Autumn Rain Live 2016: Yiruma in Cupertino

Embarking on his 2016 World Tour in April, pianist Yiruma visited New York and Los Angeles before performing across Asia and Australia. In September, he returned to the US to finish his tour with final performances in Cupertino and Washington D.C.

Welcoming the audience, Yiruma made a quip about having to keep talking, so attendees had time to shuffle into the venue and find their seats. His playful remarks had the audience laughing, but once he sat down on the piano bench, a hush immediately descended over the crowd. Fingers nimbly sweeping across the keys, Yiruma opens the concert with combination pieces of “May Be + Love” and “Love Me + Fairy Tale.” His music is well-known for its soothing and repetitive melodies that naturally enchant listeners and whisk them away to another world.

Though he played many of his own composed pieces, he also allowed one lucky fan to come up on stage to play an improvised piece together. Yiruma invited a young woman to join him and while she played a few notes repeatedly, he slowly built off her melody and created a grander, deeper song. It was a delight to observe Yiruma’s creativity at work and his process of developing a song. Despite the crowd’s applause, he frankly responded, “Well, this is what I do for a living,” earning the audience’s laughter.

His concert not only exhibited his skill to emote through his music, but also demonstrated his charm and wit. Most piano performances feature very little talking, but he spoke between every two songs to provide an introduction, explaining the inspiration for each song, allowing listeners a peek into his personal life, as well as cracking a few jokes here and there. One of the songs he performed “Loanna” was written while serving his mandatory military service and missing his family for his daughter’s future wedding… even though she’s only eight years old now. The jubilant, plucky melody gives listener a sense of how much he adores his daughter and how he envisions her bright, happy future.

Additionally, Yiruma invited cellist Young-Min Kim to perform alongside him for select pieces. He began participating more in Yiruma’s recent performances as well as helping produce his albums and featuring in them. Together the two created more complex harmonies with a wider range of sounds. The performance of “Passing By” best exemplifies the beautiful euphony of piano and cello, as Yiruma and Young-Min Kim intertwine the instruments’ sounds seamlessly. Written in honor of Yiruma’s late father-in-law, the song features the sorrowful wailing sounds of the cello and gentle, fluttering notes of the piano which evoked a contemplative and melancholic feeling.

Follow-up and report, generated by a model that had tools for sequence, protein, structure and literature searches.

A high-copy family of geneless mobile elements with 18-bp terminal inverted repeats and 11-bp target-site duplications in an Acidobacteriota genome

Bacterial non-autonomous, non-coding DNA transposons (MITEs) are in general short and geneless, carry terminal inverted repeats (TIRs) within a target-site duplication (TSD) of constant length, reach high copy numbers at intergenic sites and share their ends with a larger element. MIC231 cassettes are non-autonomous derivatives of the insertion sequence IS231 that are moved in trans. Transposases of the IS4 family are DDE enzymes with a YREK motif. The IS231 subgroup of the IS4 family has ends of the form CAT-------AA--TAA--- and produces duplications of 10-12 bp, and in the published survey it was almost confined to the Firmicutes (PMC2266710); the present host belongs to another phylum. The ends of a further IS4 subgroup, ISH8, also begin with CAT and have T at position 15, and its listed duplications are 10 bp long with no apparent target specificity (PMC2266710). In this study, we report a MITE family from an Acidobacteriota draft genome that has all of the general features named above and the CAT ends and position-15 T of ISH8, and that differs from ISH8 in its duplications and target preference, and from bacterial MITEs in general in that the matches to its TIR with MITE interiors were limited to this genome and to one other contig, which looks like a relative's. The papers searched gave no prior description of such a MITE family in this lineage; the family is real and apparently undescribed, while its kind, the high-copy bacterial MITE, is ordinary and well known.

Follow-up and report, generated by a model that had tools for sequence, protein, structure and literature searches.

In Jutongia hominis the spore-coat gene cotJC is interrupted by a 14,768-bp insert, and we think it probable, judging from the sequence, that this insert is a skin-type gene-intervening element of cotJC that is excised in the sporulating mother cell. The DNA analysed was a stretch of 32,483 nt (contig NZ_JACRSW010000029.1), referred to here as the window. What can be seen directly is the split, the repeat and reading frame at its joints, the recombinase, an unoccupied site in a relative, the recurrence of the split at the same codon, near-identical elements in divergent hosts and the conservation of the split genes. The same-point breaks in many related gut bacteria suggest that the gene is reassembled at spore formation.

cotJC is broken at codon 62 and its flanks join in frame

Before playing his most popular songs, Yiruma simply said, “I’m now going to play what you came to hear.” As he performed the pieces “Kiss the Rain” and “River Flows in You,” a disco ball reflected bright lights like shining stars into the audience, causing the audience to gasp in awe. Unlike a typical piano concert, attendees eagerly cheered as he began playing before realizing they had to hush their excitement in order to enjoy the music.

As he mentioned at the beginning of the concert, Yiruma wanted his music to help people revisit their memories and feel those emotions again and with that, he closed his show with “Reminiscent.” Taking this musical journey with Yiruma down memory lane was a reminder of the wonderful whirlwind of emotions life can be.

Photos courtsey of HagiEn

Mai Nguyen

Editor-in-Chief at Asia Pacific Arts.
Feel free to send me a note on Twitter to @hellomailee.

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